I'm also genuinely surprised at how well Laybourne was able to invest me in the romance between Dean and Astrid. I say this because I find romances in young adult novels to completely contrived and rushed affairs that usually fail to elicit any form of emotional attachment or legitimacy from the reader (at least in my opinion). It's no Romeo and Juliet story per say, yet Dean is the underdog that we can't help but root for. Seeing him win over the girl of his dreams feels genuinely heartwarming and it puts a smile on your face. I also enjoyed the addition of actual antagonists this time around. I won't spoil who these characters are, but I will say that they add a great deal of anxiety to the book's narrative. They're genuinely intimidating characters, largely due to the protagonists being young children. There's always a sense of foreboding dread, that any moment one of the antagonists could just snap and end their lives in the blink of an eye. It kept me glued to the pages to find out just what would happen next and how they'd pull through.
At barely more than two hundred pages, Sky on Fire is over in a flash. Yet that doesn't stop it from leaving an incredibly strong impression on the reader. This series has some of the most relatable characters in recent memory, complete with superb characterization and a great emphasis on both fun and danger. The next book cannot come fast enough.
The story is magnificently enthralling, very imaginative, gripping, heartbreaking, funny, explosive, captivating and more. It's just when I realized that there were only two chapters left, I thought...well, here we go with a two to five book series, which I would certainly have welcomed. But it wasn't to be. I don't know why, maybe her ideas and vision ran dry...or, maybe she thought she was dragging it along too far as it was. I wish I knew. I hope I'm not spoiling here, but, well, there was a final rescue at the end that, in my opinion, should have been AT LEAST two chapters long, but wound up being a quarter to half of one chapter. FAR too quick. FAR too easy. I believe the story should have been ALL ABOUT the rescue at the end. But that's just one man's opinion.
With all this said, I do recommend this read to all. Thank you Emmy Laybourne for your ability to captivate a reader and for bringing our minds right onto location.
Top international reviews
Recommended reading age would be thirteen and up, thanks to some violence and adult situations and disturbing moments.
First book in the series was Monument 14 (Monument 14 Trilogy 1), which ended with the group being split in two. Eight of them are trying to get to a nearby airport from where they might be able to be taken to safety. They have a sixty mile trip to make, in a salvaged school bus.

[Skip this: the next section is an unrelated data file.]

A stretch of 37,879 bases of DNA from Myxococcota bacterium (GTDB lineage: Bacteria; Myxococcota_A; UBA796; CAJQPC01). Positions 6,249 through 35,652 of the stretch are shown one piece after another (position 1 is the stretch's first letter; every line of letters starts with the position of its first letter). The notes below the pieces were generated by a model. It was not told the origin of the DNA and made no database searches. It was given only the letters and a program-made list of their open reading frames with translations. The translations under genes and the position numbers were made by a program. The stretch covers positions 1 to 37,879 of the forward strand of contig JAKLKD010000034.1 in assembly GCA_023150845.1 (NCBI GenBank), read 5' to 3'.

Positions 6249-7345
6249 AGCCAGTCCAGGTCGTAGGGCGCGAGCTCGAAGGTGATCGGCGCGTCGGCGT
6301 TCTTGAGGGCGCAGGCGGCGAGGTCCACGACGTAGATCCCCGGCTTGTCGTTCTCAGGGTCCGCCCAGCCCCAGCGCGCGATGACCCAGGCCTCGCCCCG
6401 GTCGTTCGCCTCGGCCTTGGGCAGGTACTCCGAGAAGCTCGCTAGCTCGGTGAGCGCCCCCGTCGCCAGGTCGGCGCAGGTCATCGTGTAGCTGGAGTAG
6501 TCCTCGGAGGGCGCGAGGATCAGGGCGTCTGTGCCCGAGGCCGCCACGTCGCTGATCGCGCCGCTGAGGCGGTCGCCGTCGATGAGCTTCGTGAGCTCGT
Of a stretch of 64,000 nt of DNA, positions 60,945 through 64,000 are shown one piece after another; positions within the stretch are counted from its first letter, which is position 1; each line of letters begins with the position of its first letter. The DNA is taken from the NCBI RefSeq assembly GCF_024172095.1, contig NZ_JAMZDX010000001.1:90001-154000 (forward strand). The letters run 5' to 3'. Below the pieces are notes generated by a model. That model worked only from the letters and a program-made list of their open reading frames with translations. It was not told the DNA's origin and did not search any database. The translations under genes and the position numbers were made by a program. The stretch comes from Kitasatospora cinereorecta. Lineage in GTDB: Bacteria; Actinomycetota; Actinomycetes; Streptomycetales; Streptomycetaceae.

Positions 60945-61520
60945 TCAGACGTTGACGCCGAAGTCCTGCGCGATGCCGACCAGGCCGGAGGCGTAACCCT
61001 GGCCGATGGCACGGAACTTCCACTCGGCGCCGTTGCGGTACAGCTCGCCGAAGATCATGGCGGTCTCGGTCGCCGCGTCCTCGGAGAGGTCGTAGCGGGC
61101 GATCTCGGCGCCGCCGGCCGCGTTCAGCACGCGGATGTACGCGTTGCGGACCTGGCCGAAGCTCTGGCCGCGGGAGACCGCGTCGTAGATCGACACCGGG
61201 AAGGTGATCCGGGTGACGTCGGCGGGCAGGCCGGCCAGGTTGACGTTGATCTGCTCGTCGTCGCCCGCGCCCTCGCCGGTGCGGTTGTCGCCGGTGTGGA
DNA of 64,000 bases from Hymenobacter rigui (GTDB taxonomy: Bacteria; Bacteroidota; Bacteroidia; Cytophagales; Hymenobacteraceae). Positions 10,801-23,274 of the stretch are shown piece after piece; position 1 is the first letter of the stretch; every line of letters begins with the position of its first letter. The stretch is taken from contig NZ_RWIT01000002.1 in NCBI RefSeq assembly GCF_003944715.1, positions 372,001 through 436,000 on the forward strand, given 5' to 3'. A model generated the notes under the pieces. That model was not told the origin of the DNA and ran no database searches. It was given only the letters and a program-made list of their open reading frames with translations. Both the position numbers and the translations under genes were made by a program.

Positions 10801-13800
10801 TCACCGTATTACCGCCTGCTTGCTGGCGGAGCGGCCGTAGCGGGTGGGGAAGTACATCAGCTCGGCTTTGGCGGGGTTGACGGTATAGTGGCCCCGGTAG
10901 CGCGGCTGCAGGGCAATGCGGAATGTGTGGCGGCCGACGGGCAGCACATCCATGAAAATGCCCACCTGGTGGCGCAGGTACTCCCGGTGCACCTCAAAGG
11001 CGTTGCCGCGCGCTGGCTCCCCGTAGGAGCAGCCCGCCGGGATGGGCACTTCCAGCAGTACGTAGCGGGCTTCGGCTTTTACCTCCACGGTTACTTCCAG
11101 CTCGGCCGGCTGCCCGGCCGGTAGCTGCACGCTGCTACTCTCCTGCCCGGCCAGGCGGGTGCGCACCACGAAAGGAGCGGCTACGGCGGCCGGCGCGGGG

Five are staying behind in the store.
And one is missing.
There's a gas cloud hanging over the area which has a different effect on people depending on their blood group. The ones who have stayed would be most at risk from it if outdoors.
All this is explained in an opening chapter which does contain a bit of expostion, and reintroduces all the characters. So you might be able to get into this without having read the first book. But you'd still be better off starting with that.
This one runs for two hundred and sixty three pages. It has a prologue and epilogue, plus twenty six chapters.
The narrative is split between two of the characters. Brothers Alex and Dean. Who narrate in the first person. Dean is in the store. Alex is with those on the bus. Thus you get to see each group as the narrative flashes back and forth between them.
Those on the bus have a journey that is anything but smooth. And very hard choices to make along the way in order to survive.
Those in the store aren't as safe as you might think, as danger lurks outside. And Dean is still hopelessly in seemingly unrequited love with Astrid.
The size of the bus group means some characters there do stick in the mind and make a bit more of an impression than others, but that's only a minor complaint about an otherwise superb and very readable book. Because the characterisation is very good indeed, really making you want to root for those people to survive. The prose is very readable.
And the way the narrative jumps back and forth makes you turn pages rapidly, desperate to find what will happen next. The amount of tension and jeopardy it creates is amazingly good. Especially in the final chapter which is incredibly exciting.